Imagine having a baby, or remember when you had yours. One of your strongest wishes (if not the strongest) was probably for the baby to be healthy, and for the pregnancy to be ‘normal’. But what if, instead of having a full-term, healthy baby on your or your partner’s chest, you find yourself in a high-tech Neonatal Intensive Care Unit (NICU) up to 18 weeks before the estimated time of birth, and with an infant that is critically ill?
Thankfully, advanced care is available.
What happens when an infant comes to a NICU?
The purpose of neonatal intensive care is of course survival and to increase the infant’s chances of a healthy life. The basic medical principles involve ensuring the infant oxygenation, ventilation, circulation, body temperature and nutrition, along with reducing stress and pain, and providing comfort.
Another goal is to promote the bonding process between the infant and the parents, as this critical situation can threaten the natural state of parent-child bonding. The nurses can facilitate the process by, for example, increasing the parents’ presence at the NICU and provide activities that involve the parents in the care of their infant. However, research shows that high sound levels can be a barrier for parents’ presence.
Sounds in the NICU
Common sound sources in a NICU are technical apparatus such as respiratory support devices, incubators, syringe pumps, and monitors, as well as conversations between staff members and parents. Depending on the medical status, the number of technical apparatus surrounding the infant varies, and each device can have one or more continuous sounds or intermittent alarms. Regardless, a premature infant is likely to be surrounded by many different sounds.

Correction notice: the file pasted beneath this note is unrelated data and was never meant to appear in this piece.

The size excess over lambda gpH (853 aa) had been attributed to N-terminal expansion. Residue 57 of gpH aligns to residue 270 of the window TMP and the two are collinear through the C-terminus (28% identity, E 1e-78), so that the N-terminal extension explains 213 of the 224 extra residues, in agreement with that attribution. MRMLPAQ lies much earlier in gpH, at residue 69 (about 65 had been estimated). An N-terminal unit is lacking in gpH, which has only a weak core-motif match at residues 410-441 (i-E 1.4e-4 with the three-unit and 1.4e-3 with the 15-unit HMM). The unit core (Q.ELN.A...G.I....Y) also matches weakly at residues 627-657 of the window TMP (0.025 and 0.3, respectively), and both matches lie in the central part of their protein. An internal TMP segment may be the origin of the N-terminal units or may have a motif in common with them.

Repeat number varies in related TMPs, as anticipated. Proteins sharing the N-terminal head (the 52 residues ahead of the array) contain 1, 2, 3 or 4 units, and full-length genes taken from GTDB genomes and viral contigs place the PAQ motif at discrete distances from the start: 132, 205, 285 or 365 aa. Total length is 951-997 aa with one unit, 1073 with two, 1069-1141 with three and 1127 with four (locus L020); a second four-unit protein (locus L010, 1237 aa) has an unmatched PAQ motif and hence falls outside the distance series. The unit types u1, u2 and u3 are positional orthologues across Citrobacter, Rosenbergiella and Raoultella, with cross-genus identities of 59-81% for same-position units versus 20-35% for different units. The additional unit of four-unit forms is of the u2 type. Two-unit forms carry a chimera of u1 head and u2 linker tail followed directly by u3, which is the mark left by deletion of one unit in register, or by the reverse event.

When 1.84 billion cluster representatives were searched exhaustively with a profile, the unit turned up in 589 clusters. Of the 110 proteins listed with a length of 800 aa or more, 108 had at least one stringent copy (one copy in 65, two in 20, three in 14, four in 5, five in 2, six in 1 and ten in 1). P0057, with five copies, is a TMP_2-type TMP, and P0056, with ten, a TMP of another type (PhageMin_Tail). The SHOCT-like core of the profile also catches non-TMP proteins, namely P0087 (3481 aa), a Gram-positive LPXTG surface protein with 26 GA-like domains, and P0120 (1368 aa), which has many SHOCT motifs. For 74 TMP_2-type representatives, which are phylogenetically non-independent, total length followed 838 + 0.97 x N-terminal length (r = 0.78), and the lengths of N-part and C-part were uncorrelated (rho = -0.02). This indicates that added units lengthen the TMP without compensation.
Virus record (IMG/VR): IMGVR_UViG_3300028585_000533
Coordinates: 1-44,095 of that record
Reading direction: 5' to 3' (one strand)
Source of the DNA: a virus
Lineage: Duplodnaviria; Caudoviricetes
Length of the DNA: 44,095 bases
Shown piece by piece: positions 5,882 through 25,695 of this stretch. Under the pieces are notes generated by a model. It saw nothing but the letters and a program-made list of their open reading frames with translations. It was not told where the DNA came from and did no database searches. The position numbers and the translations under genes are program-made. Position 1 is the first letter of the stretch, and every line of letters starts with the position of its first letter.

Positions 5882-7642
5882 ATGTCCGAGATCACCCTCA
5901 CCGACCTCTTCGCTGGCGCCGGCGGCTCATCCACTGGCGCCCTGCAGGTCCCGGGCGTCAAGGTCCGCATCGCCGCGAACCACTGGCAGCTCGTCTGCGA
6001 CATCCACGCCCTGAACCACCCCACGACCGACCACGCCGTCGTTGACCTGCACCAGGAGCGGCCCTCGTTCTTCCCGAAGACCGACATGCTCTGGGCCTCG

How does sound impact the infant?
A premature infant has a developing brain, making it extremely vulnerable. Exposure to stressors in a NICU has shown to be connected to alterations in the brain structure and its function.
Sound is one of the stressors reported to have an effect on the infant. High sound levels can have a negative impact on the infant even prior to the NICU, as transport via air or ground ambulance to another hospital might be necessary. High sound levels can lead to an increase in the infant’s heart rate and respiratory rate, sleep states being affected, and a lowering of the oxygenation.
Furthermore, infants discharged from a NICU suffer from hearing impairment up to seven times more often than infants and young children that have not been in a NICU.
What can be done to improve the situation?
Several measures can be taken to reduce noise and improve the situation for the infant. The most important intervention is to educate staff and make them aware of sound and its consequences. This can lead to:
- placing hearing protection, such as earmuffs or earplugs, on the infant
- not creating unnecessary sounds
- not putting equipment on the incubator as this can increase the sound level inside the incubator
- checking the alarm limits so they do not go off too easily
- dimming the lights, as this leads to one speaking in a softer voice
- turning off the alarms for a few minutes while interacting with the infant
- keeping the door to the room closed
- planning the care; doing many things at once to be able to leave the infant alone for a longer period of time
- carefully (re)designing the NICU together with experts.
This topic was presented by Johannes van den Berg at the Care for Sound-symposium. Watch the full presentation below.